DUBLIN, Ireland — The preserved heart of Dublin’s patron saint has been recovered by police, nearly six years after it was stolen from a church in the city.
The St. Laurence O’Toole relic — which has been venerated for 800 years — was stolen from Christ Church Cathedral in October 2012.
A long-running investigation by detectives in the national police force led to the recovery of the heart in a park on the outskirts of Dublin. A police spokesman said the investigation was ongoing and revealed that the relic was recovered following what he described as an “intelligence-led operation.”
The heart was found undamaged and was set to be returned to the Anglican archbishop of Dublin in a ceremony April 26. While St. Laurence was elected archbishop of Dublin in 1162 during the pontificate of Alexander III, at the time of the Reformation in 1539, King Henry VIII switched the cathedral to the state-sanctioned Anglican Church of Ireland, as Catholicism was outlawed and persecution was widespread.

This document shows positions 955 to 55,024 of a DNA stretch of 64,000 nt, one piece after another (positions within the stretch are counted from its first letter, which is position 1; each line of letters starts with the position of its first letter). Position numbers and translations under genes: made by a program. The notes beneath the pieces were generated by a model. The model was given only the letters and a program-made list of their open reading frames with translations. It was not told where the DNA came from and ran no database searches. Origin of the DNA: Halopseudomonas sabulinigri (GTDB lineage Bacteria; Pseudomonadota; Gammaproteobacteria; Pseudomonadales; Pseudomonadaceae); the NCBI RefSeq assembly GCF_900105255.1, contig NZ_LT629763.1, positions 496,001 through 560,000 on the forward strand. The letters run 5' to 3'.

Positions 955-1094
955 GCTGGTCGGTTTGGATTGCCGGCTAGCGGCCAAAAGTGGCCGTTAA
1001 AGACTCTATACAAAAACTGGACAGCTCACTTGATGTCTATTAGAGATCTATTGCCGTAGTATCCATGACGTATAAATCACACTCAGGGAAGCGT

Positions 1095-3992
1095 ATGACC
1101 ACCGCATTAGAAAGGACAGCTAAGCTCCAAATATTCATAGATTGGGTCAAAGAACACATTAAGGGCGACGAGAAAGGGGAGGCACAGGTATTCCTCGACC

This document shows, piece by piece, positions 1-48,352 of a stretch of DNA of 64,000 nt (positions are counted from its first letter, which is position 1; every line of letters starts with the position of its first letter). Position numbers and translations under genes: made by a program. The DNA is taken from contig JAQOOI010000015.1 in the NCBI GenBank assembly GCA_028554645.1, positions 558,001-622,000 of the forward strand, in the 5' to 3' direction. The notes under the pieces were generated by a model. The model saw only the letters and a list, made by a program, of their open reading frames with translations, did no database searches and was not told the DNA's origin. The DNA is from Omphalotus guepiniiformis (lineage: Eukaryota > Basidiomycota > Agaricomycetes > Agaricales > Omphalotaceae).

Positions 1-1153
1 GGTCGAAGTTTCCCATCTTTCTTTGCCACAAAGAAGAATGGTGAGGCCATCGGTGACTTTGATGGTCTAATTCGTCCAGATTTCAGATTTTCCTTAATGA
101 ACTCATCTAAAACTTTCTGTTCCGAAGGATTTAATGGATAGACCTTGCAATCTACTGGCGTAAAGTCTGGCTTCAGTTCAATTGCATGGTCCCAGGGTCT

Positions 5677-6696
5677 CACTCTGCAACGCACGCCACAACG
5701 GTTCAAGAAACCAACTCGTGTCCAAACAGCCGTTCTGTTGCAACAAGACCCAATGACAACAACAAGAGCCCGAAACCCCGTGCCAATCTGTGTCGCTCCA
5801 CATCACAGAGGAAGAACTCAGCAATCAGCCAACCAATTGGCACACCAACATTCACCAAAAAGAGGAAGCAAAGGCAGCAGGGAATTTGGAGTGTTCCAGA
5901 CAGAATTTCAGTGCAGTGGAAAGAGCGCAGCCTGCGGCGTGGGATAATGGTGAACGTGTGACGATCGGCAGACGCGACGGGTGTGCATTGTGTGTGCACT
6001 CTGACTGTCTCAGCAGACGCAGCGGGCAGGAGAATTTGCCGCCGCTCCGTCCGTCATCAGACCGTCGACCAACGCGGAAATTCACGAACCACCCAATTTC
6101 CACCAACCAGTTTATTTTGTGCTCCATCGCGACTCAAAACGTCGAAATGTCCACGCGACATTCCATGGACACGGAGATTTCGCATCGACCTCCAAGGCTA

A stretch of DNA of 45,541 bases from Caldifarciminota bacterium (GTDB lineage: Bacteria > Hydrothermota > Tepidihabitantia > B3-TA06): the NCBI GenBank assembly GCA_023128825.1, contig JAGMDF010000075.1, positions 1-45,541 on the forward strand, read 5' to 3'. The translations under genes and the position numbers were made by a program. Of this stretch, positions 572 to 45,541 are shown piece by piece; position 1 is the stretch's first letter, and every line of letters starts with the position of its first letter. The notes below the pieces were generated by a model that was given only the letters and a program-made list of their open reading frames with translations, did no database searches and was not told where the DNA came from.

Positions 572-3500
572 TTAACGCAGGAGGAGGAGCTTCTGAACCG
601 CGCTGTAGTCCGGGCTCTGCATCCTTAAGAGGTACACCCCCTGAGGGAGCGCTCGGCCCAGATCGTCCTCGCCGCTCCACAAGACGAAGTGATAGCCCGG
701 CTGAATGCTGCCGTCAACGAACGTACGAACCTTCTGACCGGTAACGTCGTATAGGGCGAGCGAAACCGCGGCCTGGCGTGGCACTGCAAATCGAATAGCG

After the end of the Penal Laws and Catholic Emancipation in the 19th century, the relic remained in Christ Church, although has been an object of pious devotion for Catholics.
Anglican Archbishop Michael Jackson of Dublin said the return of the heart is of huge significance to the people of the Irish capital and brings them “great joy.”
“Our deep thanks and warm appreciation go to all who have worked tirelessly to make this day of restoration possible,” he said, particularly citing the national police.
A spokesman for Christ Church Cathedral said a proper shrine to St. Laurence will now be instituted in the church, where people can pray and honor the memory of the patron saint of Dublin.
St. Laurence played a key role in the Irish church reform movement of the 12th century. He died in 1180 and was canonized in 1225 by Pope Honorius III.